The IRE Resource Center is a major research library containing more than 27,000 investigative stories.

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Search results for "segregation" ...

  • Separate Peace

    The American Lawyer reports on still continuing segregation in the acceptance of black students at public universities. The story reveals that "... after 25 years of litigation, tens of millions of dollars, hundreds of hours of settlement talks, two full trials, and a directive from the U.S. Supreme Court, all eight of Mississippi's public universities remain, to a significant degree, racially segregated."
  • The Long Walk Home

    A story of the history of desegregation in Kansas City, Mo. through the tale of its oldest school--Central High. It shows how "the nation's most expensive desegregation remedy ultimately helped destroy the very community it sought to help."
  • Perry, FL -- Discrimination In A Small Town

    CBS News investigates a claim by a Maryland lawmaker that he was asked to sit in the back of a Florida bar because he was African-America. Perry is a small town where segregation is still a way of life. Following the investigation, the establishment paid a fine and had its license revoked.
  • The New Segregation

    The News & Observer investigated the resegregation of North Carolina schools and found that: segregation leads to lower academic achievement in all minority groups, resegregation is hurting middle-class black children more than any other group, the racial mix of schools has little effect on white students' scores, predominantly black schools are more likely to have inexperienced and uncertified teachers. The series resulted in $10 million in state funds being given to struggling schools.
  • New Scrutiny for Powerful Greek Systems

    The Chronicle of Higher Education examines controversies surrounding the today's Greek system. The reporter finds that fraternities and sororities often promote racist and sexist attitudes. The story exemplifies the findings with two incidents - the rejection of a black student by all white sororities at the University of Alabama, and the distribution of a sex newsletter by a fraternity at Dartmouth College.
  • Portrait of N.J. -Census 2000

    The Star-Ledger reports New Jersey demographic statistics from the 2000 census. "It is more populous, less white, and more suburban than it was a decade ago . . . numbers will be used redraw legislative district lines." But as diversity in this small state increases, "the state's historical pattern of black-white housing segregation" has remained the same. In addition, the articles break down each town to examine ethnic concentrations around the state and also shows population increases in each legislative district.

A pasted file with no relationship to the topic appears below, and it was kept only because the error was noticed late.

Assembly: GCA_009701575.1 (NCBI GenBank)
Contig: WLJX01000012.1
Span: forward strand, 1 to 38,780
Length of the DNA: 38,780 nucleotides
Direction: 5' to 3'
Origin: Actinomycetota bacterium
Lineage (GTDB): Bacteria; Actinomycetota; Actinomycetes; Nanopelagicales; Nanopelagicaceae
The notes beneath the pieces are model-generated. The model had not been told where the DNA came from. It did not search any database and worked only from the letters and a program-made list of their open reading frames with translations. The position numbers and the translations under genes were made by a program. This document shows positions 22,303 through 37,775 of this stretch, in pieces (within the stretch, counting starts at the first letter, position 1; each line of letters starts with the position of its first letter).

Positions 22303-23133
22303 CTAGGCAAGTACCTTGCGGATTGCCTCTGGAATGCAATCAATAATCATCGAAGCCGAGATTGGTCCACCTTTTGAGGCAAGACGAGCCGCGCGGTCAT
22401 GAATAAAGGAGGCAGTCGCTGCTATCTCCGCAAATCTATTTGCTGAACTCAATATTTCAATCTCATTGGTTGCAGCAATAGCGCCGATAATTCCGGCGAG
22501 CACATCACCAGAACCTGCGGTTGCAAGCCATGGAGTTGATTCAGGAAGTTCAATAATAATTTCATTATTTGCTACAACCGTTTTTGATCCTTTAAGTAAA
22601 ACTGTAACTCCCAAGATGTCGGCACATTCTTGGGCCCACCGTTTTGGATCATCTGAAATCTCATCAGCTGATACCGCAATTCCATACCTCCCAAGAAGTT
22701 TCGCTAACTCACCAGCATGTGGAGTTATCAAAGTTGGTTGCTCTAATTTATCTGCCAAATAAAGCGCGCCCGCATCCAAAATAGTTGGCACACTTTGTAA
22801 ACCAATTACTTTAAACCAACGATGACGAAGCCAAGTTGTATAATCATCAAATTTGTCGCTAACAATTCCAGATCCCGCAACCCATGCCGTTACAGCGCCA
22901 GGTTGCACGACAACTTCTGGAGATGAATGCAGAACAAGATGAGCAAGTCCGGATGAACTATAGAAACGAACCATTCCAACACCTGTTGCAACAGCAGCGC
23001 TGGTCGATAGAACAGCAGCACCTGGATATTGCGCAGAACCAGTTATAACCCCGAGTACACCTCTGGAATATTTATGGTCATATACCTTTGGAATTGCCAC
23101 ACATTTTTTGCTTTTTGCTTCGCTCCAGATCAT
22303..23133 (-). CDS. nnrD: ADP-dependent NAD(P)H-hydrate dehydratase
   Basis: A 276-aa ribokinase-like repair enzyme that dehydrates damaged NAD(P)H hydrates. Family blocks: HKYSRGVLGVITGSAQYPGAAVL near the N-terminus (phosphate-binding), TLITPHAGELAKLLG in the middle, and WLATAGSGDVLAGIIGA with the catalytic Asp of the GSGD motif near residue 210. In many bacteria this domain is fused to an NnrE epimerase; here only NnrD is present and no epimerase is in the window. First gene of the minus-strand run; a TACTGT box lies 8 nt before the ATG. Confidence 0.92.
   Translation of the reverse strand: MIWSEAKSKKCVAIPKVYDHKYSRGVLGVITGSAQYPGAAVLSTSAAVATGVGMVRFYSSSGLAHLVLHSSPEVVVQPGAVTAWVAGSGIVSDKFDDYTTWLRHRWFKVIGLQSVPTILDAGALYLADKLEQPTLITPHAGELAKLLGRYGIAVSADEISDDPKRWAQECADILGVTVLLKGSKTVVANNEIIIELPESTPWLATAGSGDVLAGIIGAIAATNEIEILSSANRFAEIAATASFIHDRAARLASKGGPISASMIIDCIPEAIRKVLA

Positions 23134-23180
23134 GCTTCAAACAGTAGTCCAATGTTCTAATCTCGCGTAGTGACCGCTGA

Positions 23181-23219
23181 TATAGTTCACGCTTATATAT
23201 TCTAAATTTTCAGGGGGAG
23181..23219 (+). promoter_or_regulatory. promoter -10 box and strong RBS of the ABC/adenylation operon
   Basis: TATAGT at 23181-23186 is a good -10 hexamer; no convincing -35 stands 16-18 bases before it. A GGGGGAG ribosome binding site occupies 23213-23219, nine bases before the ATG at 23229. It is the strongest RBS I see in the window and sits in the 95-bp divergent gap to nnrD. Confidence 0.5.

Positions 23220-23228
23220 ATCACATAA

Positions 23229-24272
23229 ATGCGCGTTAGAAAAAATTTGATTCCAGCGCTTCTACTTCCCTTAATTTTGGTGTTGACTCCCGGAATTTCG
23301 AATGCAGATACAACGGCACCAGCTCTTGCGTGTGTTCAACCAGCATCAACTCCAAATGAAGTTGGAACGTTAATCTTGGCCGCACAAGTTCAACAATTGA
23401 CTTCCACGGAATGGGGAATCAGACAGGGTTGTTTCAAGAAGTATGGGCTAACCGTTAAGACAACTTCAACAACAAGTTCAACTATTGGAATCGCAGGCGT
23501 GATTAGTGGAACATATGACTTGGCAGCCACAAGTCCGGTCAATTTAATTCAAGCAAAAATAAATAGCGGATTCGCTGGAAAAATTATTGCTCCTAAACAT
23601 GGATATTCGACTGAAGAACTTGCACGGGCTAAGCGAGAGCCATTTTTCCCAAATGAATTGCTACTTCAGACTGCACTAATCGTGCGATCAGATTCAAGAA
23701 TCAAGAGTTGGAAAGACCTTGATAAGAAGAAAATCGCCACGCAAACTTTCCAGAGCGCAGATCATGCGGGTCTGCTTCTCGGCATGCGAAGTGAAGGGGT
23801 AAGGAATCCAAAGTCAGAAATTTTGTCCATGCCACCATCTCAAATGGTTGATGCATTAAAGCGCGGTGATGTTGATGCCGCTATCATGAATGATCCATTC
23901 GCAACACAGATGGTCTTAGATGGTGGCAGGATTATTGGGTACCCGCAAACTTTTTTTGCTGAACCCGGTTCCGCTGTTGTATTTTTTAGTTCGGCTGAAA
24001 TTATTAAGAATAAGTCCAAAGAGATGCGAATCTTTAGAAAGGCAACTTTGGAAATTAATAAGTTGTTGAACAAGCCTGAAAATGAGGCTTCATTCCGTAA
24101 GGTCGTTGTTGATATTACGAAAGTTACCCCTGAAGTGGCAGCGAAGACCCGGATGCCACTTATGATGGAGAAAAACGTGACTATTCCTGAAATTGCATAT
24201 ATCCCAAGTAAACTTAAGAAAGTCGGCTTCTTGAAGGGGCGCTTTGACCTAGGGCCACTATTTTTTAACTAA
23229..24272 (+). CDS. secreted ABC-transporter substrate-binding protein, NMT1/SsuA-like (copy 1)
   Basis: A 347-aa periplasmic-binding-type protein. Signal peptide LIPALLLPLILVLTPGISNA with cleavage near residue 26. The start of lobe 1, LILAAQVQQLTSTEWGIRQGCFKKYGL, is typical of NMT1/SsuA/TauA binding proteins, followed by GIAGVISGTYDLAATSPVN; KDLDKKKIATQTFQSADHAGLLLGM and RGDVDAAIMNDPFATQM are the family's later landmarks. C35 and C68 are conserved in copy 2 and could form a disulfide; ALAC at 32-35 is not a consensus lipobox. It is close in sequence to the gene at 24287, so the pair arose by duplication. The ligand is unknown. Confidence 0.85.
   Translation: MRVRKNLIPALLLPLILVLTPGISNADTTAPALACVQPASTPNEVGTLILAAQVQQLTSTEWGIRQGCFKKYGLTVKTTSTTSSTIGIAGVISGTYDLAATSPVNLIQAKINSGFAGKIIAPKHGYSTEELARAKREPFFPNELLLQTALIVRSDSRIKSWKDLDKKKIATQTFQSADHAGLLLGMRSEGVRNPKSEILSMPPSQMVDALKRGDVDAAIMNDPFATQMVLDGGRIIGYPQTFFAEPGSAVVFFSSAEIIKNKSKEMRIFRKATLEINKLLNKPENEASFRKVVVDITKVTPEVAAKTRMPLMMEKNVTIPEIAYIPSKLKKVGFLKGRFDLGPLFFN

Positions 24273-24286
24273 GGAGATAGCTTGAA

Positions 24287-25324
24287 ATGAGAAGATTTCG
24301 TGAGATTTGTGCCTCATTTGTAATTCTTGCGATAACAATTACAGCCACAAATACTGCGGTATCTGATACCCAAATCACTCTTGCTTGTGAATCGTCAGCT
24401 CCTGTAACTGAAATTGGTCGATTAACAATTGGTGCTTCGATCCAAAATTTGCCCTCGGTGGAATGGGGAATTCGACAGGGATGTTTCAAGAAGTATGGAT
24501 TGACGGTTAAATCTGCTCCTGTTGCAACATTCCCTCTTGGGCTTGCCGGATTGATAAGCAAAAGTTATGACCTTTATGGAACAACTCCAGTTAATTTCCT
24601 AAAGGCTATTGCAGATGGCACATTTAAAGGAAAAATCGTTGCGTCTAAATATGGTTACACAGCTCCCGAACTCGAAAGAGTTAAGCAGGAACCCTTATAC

• A City in Black and White

    "The legal battle over housing discrimination in Parma was meant to spark the integration of all Greater Cleveland's suburbs. Twenty years after federal remedies were handed down, the region is still divided by a color line, and one community's struggles with the stigma of racism are far from over."
  • A People Divided: 44 Tears of Failure

    WBRZ-TV examines East Baton Rouge Parish Public School System -- the school system has been under federal court supervision for 44 years because of a feud with the Justice Department over desegregation efforts.
  • Toxic Traps

    A Dallas Morning News series "is the first nationwide examination of the location of federally subsidized housing in environmentally hazardous neighborhoods." The investigation reveals that "the government is housing more than 870,000 families in projects located within one mile or less of at least one factory than emits toxic air pollution." Part of the series details the cancer risks to the inhabitants of a public housing close to a toxic dump site. Among the major findings is "a stark and persistent racial disparity: the higher the percentage of minorities in a project, the more likely it is to be in a neighborhood with toxic air pollution." The reporters also examine "the federal government's ongoing failure to address the issue and a massive federal program that in many cities is perpetuating the issue."
  • Dividing Lines

    The Columbus Dispatch investigated the "uneven educational opportunities in the Columbus Public Schools." The series revealed that "the Columbus elementary schools again are divided by race and income - and by student achievement, teacher experience and resources." The reporters identified problems with "poor test scores, a high dropout rate, financial and policy mismanagement, aging buildings" as common in the schools with prevailing minority enrollments. Some of the key findings were that "the assignment boundaries for some neighborhood schools closely match those ones singled out by the courts as racially gerrymandered", "spending by building bears little relation to the number of poor children" and "private donations...exacerbate inequities among schools". The newspaper also investigated how teachers' absenteeism and salaries correlate with the inequity issue. The reporters came to the conclusion that "veteran educators generally work at schools in middle-class neighborhoods, while beginning teachers get assigned to the poorest schools."